Going Home Star – Truth and Reconciliation explores legacy of residential schools

Royal Winnipeg Ballet offering free admission to survivors, reduced-rate evening to general public

Deschâtelets Archives Missionary Oblates (Q), Sophia Lee PHOTO: Réjean Brandt Photography

It’s hard to imagine how the carefully choreographed pirouettes and pliés of a ballet might be used to explore the generational traumas experienced by Canada’s First Nations through the residential school system.

And yet that is exactly what the Royal Winnipeg Ballet will attempt to do Oct. 1-5 in Going Home Star – Truth and Reconciliation.

“Essentially it’s a love story woven around the Truth and Reconciliation Commission findings,” says RWB artistic director André Lewis.

The story, written by Joseph Boyden, follows Annie, a young, independent aboriginal woman played by Sophia Lee. Annie works as a hairdresser and lives an urban life of wild partying, taking on different lovers every night.

She encounters a homeless First Nations man, Gordon, portrayed by Liang Xing. Gordon is forced from his home on a reserve at a young age and into the residential school system, eventually fleeing to fend for himself on the street.

The two first meet in the subway, and through that meeting they connect and begin to help each other recover from the legacy of pain inflicted by the residential school system.

Support from aboriginal community

Lewis says the aboriginal community has been behind the premise of Going Home Star since it was in its conceptual phase almost ten years ago.

“I would’ve never approached this subject matter if it had not been for aboriginal people supporting this, but this is not an aboriginal problem, it’s a Canadian problem,” says Lewis.

The aboriginal community as a whole has been supportive of Going Home Star, says Lewis, because they feel their story is being told.

“In the ballet itself, you see the effect that the schools have had on the main character, Gordon, and how Annie ultimately helps him and rediscovers her culture, her background – that’s why it’s called Going Home Star, to reconnect with what [the Catholic Church] and a successive government tried to erase.”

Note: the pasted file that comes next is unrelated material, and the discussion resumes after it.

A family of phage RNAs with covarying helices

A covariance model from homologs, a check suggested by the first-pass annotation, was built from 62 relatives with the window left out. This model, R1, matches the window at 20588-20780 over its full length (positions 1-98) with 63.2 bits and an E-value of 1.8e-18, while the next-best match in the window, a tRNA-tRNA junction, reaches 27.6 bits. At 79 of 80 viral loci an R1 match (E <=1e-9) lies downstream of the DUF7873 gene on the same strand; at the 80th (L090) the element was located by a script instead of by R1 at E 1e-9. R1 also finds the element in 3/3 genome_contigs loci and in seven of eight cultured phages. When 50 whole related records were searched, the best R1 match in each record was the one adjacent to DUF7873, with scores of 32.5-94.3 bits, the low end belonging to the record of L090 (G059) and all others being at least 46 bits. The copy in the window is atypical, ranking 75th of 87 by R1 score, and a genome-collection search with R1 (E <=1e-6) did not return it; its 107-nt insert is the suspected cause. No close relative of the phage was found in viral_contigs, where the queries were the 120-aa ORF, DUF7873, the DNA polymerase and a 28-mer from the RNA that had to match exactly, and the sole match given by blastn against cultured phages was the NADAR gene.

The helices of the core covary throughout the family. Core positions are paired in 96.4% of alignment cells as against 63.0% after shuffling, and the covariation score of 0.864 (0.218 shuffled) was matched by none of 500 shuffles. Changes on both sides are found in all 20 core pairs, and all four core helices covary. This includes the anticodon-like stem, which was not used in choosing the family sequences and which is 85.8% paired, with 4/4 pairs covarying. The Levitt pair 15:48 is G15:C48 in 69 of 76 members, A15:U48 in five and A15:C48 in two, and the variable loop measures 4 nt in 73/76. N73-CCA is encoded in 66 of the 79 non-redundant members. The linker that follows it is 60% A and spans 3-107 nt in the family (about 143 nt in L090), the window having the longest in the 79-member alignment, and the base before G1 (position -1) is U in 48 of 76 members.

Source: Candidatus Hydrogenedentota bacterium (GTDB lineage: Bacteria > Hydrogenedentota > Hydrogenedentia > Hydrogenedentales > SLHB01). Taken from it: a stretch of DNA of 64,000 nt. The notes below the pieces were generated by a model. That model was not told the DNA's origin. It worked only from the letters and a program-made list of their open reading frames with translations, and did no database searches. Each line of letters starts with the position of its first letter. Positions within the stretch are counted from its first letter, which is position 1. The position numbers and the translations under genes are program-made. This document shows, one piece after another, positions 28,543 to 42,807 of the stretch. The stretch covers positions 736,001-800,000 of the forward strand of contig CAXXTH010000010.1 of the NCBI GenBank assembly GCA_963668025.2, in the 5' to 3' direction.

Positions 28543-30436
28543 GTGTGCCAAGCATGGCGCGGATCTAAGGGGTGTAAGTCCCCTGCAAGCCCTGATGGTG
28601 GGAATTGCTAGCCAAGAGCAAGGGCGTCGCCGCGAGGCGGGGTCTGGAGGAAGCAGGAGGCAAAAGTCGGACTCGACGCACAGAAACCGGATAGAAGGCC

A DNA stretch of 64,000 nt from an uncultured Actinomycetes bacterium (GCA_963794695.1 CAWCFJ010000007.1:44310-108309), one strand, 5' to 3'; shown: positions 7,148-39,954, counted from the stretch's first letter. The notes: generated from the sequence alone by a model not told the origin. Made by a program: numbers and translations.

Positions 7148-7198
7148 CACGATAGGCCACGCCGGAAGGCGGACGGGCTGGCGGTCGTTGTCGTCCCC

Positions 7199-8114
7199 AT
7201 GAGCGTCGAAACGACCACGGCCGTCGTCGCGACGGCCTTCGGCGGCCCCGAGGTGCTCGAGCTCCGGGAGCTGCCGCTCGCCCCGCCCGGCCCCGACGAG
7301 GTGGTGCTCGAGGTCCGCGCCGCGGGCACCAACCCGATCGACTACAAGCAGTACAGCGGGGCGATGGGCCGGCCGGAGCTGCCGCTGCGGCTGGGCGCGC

Polaris Prize winner Tanya Tagaq part of GHR

Although there won’t be any First Nations dancers in the ballet, there will be other forms of contributions made from a series of First Nations artists.

“We have Tanya Tagaq, who is a throat singer,” says Lewis.

Tagaq won the 2014 Polaris Music Prize award for her album Animism.

Steve Wood and the Northern Cree Singers are also part of Going Home Star.

“It wasn’t going to be just white only Anglo-Saxon men that created the work,” said Lewis. “I wanted the continuum, which is why we have KC Adams [as set designer], who is an installation artist in Winnipeg.”

Aside from ballerina Maria Tallchief, formerly of the New York City Ballet and who passed away last year at the age of 88, historically there have been very few aboriginal people participating at elite levels of ballet in North America, says Lewis.

So, in an attempt to make the ballet more inclusive, the RWB announced Monday night they are inviting residential school survivors to take in Going Home Star for free. There is a limited amount of seating so survivors wishing to attend should contact the RWB’s Angela Hendryat 204-957-3494 or email groupsales@rwb.org by Monday, September 29.

They also announced a “Pay What You Can” evening on Oct. 2. Reduced-rate tickets go on sale at 5:30 p.m. the day of the show. Suggested donation price is $20.